For his next visit to the Tohoku region, MMA Fighting joined Inoue to document the journey and bring new light to the ongoing crisis in Japan.
On day five, it's Enson Inoue's birthday and we return to the Miyako evacuation center to bring clothes, shoes, toys and smiles.
Day 4: Ruins of Kesennuma, Missing Rikuzentakata
Today was Enson Inoue's 44th birthday. For the last two days we had seen, smelled and experienced nothing but death and sadness, and so his present to himself would be the smiles at the Miyako evacuation center.
Enson's mood was entirely different. Heading into disaster zones he had often talked about his experiences with life, death and loyalty. When you are preparing yourself to see unimaginable devastation the conversations were predictably heavy. Today though he was different. Joking, laughing and clearly very excited at the thought of helping people.
When we arrived at the Miyako evacuation center, a converted elementary school that houses approximately 80 people, the atmosphere was dark. People sitting in their 10 square feet of personal space and staring into the distance, restless children being hushed by adults and the TV showing the news of the latest aftershock.
31 pairs of shoes, boxes and boxes of clothes, toiletries, fireworks, toys and sports equipment goes a long way to changing a person's mood when all they own is the clothes on their back and the blankets supplied by the Japanese military.
The darkness in the evacuation center seemed to evaporate. An excited but orderly line was formed and the supplies were quickly snatched up by evacuees with Enson talking to each person, asking what they would need when we return later in the week.
Young people were again socializing and laughing, children were playing with new toys and the elderly were lacing up their new shoes. Enson could barely contain himself, "This is the best present I could ever hope for," he would say every few minutes.
Some people in these centers are difficult to reach as they continue staring off into the distance, not noticing anything happening around them. Even after seeing what had happened to these people's cities and towns, it is still difficult to imagine what they had experienced. I often wonder if suicide will be a problem. Enson was determined to reach them though.
Enson advised the leader of the evacuation center that he would like to buy a treat for the people. Caught up in the moment, he seemed to try to think of the most difficult thing to get in Miyako: sushi.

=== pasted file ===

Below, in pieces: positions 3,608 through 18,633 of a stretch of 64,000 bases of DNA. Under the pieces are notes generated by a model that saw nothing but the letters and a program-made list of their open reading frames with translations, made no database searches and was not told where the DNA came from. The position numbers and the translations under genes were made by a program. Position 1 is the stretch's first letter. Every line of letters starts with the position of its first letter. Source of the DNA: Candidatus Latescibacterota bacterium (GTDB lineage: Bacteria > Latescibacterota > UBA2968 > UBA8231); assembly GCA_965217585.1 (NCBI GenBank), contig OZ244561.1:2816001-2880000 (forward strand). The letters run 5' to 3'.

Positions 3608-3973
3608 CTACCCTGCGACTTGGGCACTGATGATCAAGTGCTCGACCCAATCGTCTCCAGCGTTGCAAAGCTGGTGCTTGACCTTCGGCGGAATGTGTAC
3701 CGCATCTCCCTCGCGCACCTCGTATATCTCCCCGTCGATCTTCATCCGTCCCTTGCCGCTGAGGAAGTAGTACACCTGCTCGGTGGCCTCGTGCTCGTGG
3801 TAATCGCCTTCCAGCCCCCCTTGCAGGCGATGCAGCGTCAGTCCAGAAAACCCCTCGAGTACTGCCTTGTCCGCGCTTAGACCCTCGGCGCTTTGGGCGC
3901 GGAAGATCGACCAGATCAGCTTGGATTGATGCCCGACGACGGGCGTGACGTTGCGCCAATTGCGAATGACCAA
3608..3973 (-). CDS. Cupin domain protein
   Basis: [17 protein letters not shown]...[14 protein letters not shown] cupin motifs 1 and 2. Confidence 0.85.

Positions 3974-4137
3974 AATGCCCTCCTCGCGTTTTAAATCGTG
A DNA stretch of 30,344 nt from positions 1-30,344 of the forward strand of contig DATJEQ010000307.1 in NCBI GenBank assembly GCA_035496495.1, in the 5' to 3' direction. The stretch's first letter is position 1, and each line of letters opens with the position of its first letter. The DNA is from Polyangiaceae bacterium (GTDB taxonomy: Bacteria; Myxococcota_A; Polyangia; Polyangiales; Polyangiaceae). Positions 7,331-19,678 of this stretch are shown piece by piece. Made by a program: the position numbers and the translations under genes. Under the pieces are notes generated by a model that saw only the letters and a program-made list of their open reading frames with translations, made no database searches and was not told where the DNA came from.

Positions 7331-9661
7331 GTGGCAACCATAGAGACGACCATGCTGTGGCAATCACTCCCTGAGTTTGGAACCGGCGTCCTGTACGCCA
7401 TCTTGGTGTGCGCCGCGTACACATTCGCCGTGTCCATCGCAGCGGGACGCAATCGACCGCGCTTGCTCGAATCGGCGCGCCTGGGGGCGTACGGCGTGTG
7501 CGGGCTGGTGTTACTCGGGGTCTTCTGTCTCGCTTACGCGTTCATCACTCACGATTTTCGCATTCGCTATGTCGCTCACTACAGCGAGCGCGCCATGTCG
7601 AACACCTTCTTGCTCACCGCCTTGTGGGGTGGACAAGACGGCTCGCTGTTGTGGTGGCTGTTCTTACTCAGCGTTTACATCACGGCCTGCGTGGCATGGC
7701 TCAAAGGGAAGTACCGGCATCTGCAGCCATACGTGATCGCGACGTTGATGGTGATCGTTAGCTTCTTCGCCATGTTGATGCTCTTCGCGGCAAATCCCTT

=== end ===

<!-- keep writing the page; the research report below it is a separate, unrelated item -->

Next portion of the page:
Finding 80 servings of fresh raw fish would be no small challenge when almost the entire fishing fleets of Iwate and Miyagi prefectures were wiped out and the Fukushima power plants were still leaking dangerous amounts of radiation into the ocean. Unfortunately the excited leader announced Enson's intentions on the loudspeaker and the news drew a round of applause. We had no option but to succeed in our search now.
The stress from our financial issues and the memories of what we had seen over the last two days dissipated.
"Yes, 1,000 smiles would be better than 100 smiles but one smile is better than none," Enson told the people whose donations he was forced to return.
Unfortunately, Enson's birthday was spoiled by a phone call. A friend relayed the story of a baby that had apparently died of starvation inside the Fukushima evacuation zone. As with many of the stories we hear up here, details were sketchy, but from what we could gather there was now no food left inside the evacuation zone and there were people still there who were not able to leave.
Some calls to friends in the military didn't reveal any more details on the story but just the thought that this may have happened was enough to set Enson into action. One more phone call and he had ordered an Israeli military radiation suit, a mask and a truck. His plan was to seal up the vents on the truck, fill it with food and drive into the evacuation zone to look for people in need. He would also stop at evacuation centers housing Fukushima evacuees and see if there was pets that needed feeding or anything else they may need from their abandoned homes.
His heart seemed to race with anticipation. "Maybe this is it," Enson said excitedly. "Something is pulling me to go there."
Enson has talked numerous times of his willingness to die for a noble cause. To die like a samurai. "Yamato-damashii." Before I had ever met Enson Inoue I read a quote of his that perfectly sum up his philosophies.
"Live as a man. Die as a man. Become a man."
Reports varied wildly on how dangerous it was in Fukushima but if there was another explosion or fire while he was inside the evacuation zone then it could be very bad for his health. He knew of one friend that had lived only a few miles from the Fukushima power plants and so he would certainly intend to go deep into the evacuation zone. He was not planning to spend an extended period of time inside the radiation or deliberately put himself at risk, but Enson couldn't help but wonder if this was the noble cause he had spent his life looking for.
We had made a difference today but the news of the baby was a brutal reminder that it was just one step in the long journey ahead.
Tomorrow we take a day to rest, buy supplies and try to track down 80 servings of sushi for the people in the Miyako evacuation center.
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